Interview: Pat Byrne

 
 

Winner of The Voice of Ireland Pat Byrne chats to Meadhbh Park on the release of his debut, his college experiences, and his future in music.

There’s something undeniably powerful about Pat Byrne’s voice; somewhere in the gravel and the emotion is pure honesty, and that’s what makes Byrne so likeable and genuine. Sitting in the lobby of the Westbury hotel, it’s easy to spot him, with auburn hair and a navy t-shirt and jeans, it seems fame hasn’t gotten the best of him and he’s still keeping it real. In fact, fame is new and alien to the Carlow boy, who comes from humble musical beginnings.

Years of gigging around various pubs and venues around Kildare, Dublin and Carlow gave Byrne the experience he needed, but the step to go on television was not something he thought he would ever do: “I always said I wouldn’t… but I was always doing the same venues every few weeks and it just got boring and I saw myself doing that for the rest of my life and I said I’d do this, just to see if I could get into more pubs or get more money, I didn’t see myself getting this far or releasing an album or anything like that, but now that it’s happened, I’m delighted.”

Byrne started off as a drummer for a metal band called Incisor when he was just 12. This allowed him the time to find his musical strengths at an early age, beginning with drums, learning guitar at 16, and at 17 he decided that singing was what he felt best at: “I enjoy singing a lot more; it’s a lot more expressive.”

Taking inspiration from such musical giants as Bruce Springsteen and Bob Dylan, Byrne began to realise that he wanted to take the chance and make music his life. He went to Maynooth to study music and anthropology, yet never took his education there too seriously: “I went to college to keep my parents happy. College was the best time I ever had, I loved college, but I really just went there just to keep people happy but I always knew I’d be doing music.”

However, he never wanted to sell out to the music industry, the most important part of music for him is keeping true to himself and his style. He entered The Voice singing Bruce Springsteen’s ‘The River’  and it soon appeared that Byrne was not going to be changed, that he was going to keep to the music that made him happy. After he won the competition, Byrne sat down with mentor Bressie and Coronas singer, Danny to pen songs that would eventually end up on his debut album.

“Very surreal to be sitting down and writing songs with those guys; I needed those guys to give me a nice balance between commercial stuff and alternative stuff, I needed the commercial stuff to keep the fans happy and I needed the alternative stuff to keep myself happy.”

Bringing new music into the world is one of the most exciting and humbling experiences a person can have. Byrne was lucky enough to be given a professional session band and the opportunity to record in the leading London Studios, Metrophonic Studios where such acts as The Wanted, JLS, Sugerbabes and Olly Murs have all recorded. Byrne was not the usual clientele and in the generic pop-hits factory, he surprised them with his alternative take on music.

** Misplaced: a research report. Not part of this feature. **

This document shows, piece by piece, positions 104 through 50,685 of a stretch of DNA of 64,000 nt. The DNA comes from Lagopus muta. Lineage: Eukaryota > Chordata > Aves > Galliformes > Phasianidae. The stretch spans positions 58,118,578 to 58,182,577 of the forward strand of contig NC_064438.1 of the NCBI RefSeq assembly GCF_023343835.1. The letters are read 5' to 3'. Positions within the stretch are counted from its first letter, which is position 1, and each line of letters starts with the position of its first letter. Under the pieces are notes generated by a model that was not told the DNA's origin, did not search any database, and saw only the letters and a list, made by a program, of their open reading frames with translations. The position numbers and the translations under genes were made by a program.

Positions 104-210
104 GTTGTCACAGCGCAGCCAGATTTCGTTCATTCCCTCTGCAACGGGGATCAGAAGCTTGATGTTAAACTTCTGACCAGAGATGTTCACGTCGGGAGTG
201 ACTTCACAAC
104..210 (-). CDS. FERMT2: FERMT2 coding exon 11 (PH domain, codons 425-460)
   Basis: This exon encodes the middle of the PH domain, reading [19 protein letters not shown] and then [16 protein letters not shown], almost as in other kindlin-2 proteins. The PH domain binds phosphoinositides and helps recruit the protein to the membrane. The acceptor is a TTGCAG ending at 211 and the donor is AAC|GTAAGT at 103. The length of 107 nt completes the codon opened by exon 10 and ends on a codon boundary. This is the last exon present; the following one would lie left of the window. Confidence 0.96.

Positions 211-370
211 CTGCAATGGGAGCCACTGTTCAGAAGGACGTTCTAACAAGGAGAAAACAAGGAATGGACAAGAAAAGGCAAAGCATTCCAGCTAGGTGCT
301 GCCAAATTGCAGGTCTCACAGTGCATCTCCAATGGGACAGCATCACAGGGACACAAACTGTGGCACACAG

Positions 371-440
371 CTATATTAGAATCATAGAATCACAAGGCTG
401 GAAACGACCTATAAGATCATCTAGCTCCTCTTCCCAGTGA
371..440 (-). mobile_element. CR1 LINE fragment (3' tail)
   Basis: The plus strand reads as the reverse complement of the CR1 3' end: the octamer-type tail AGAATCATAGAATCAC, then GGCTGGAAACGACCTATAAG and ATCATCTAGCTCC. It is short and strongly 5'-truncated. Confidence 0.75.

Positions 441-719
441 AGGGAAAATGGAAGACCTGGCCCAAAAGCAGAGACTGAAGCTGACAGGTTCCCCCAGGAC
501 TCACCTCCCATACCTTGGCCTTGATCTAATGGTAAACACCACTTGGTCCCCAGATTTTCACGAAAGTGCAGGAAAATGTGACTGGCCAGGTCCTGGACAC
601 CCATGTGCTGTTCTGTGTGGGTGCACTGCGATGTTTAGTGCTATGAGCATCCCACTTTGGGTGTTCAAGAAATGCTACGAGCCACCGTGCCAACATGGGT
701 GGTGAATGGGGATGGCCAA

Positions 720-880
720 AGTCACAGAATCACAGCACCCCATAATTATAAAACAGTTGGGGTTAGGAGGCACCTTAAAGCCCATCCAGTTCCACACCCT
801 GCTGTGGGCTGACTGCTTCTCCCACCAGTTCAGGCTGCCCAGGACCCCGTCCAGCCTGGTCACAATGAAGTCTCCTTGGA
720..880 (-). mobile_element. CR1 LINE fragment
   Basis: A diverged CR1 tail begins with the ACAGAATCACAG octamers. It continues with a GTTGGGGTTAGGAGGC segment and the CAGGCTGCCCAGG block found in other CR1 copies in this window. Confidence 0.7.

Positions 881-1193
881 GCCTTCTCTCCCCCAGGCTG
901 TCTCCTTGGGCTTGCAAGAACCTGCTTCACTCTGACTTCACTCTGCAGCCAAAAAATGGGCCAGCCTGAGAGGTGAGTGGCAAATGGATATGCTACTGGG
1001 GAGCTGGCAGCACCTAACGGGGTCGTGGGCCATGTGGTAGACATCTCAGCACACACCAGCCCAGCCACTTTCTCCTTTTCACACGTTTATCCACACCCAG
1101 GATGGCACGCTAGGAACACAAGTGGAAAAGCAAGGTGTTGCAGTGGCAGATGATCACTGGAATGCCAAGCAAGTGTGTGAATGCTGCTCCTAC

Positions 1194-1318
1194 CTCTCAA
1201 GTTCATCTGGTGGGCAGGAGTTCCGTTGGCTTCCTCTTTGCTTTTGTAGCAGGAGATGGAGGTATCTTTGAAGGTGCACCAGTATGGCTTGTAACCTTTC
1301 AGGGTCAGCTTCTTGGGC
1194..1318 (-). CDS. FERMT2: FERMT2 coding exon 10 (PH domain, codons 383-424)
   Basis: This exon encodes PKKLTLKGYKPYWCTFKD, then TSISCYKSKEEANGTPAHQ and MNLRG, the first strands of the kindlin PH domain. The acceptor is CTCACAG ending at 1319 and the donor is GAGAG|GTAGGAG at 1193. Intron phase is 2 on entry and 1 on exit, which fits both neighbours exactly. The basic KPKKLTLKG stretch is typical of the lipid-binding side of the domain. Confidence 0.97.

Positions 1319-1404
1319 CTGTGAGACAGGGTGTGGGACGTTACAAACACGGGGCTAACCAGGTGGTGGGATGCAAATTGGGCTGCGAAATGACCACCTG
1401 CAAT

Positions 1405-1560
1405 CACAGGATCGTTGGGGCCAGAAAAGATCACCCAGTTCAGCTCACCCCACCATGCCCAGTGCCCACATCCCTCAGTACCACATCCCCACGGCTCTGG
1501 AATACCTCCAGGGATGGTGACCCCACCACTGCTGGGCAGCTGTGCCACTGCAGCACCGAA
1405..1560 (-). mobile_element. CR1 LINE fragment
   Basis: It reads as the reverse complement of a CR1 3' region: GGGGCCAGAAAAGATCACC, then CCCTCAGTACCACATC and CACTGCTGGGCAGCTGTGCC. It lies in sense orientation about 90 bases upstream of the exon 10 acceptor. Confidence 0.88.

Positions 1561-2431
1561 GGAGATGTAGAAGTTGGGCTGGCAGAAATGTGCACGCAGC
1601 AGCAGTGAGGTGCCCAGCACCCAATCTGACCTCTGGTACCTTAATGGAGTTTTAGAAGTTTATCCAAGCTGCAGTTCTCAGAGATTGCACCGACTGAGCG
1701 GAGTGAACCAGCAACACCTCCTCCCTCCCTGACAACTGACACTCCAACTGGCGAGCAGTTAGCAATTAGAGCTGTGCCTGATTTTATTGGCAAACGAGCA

“They had a lot of Olly Murs type tracks for me; that’s not me at all. Then we got to know each other and they seemed to really relish what I was doing, it was a nice break for them and they really want me to go back”

But in this world where pop and indie are on the throne, is there much space for alternative old-school rock? Byrne seems to think so, when asked if he ever feels pressured to keep up with the changing trends of the mainstream, he replied: “No, I don’t feel pressured, although to be honest a lot of the stuff in my album isn’t really alternative, it’s mainstream enough, but it’s me.” But surely it must be far too easy to compare yourself to other TV song contest regurgitations? “I cringe a little when I see them, but I’m thankful I was given time to write some good songs and it wasn’t about getting an album out as quick as possible, they wanted it to be a good album.”

So from pubs in Kildare, Pat Byrne has won The Voice of Ireland, written songs with Bressie, played in bands with Robbie William’s keyboardist, recorded in the London studio, and sat on Phil Collin’s couch watching his music being brought to life, all in a year. Now with the release of his debut album, All or Nothing, has he got any advice for other young musicians looking for that all important break? “Just practice, gigging is really important, get as many people to hear you as you can and be true to yourself, that’s the best advice I have.”

Although good luck has definitely come Pat Byrne’s way, he hasn’t let it get to him or go to his head. It can be easy to lose yourself in the pandemonium of fame, but he’s standing his ground and he definitely hasn’t forgotten his beginnings and takes every step of the way with gratitude. When asked what it was like that moment when he won The Voice, he simply said: “It was a great confidence boost that so many people voted to get me there, it was really gratifying.”

The future looks bright for Pat Byrne. He has a tour coming up with dates yet to be announced and he has hopes of eventually breaking the US and even perhaps making collaboration with the talented Lisa Hannigan. All we can do is hope that he won’t just be every other reality tv show graduate, but Byrne seems to have all the marks of one who wants  to stick around.

Pat Byrne’s debut album All or Nothing is out now. 

 

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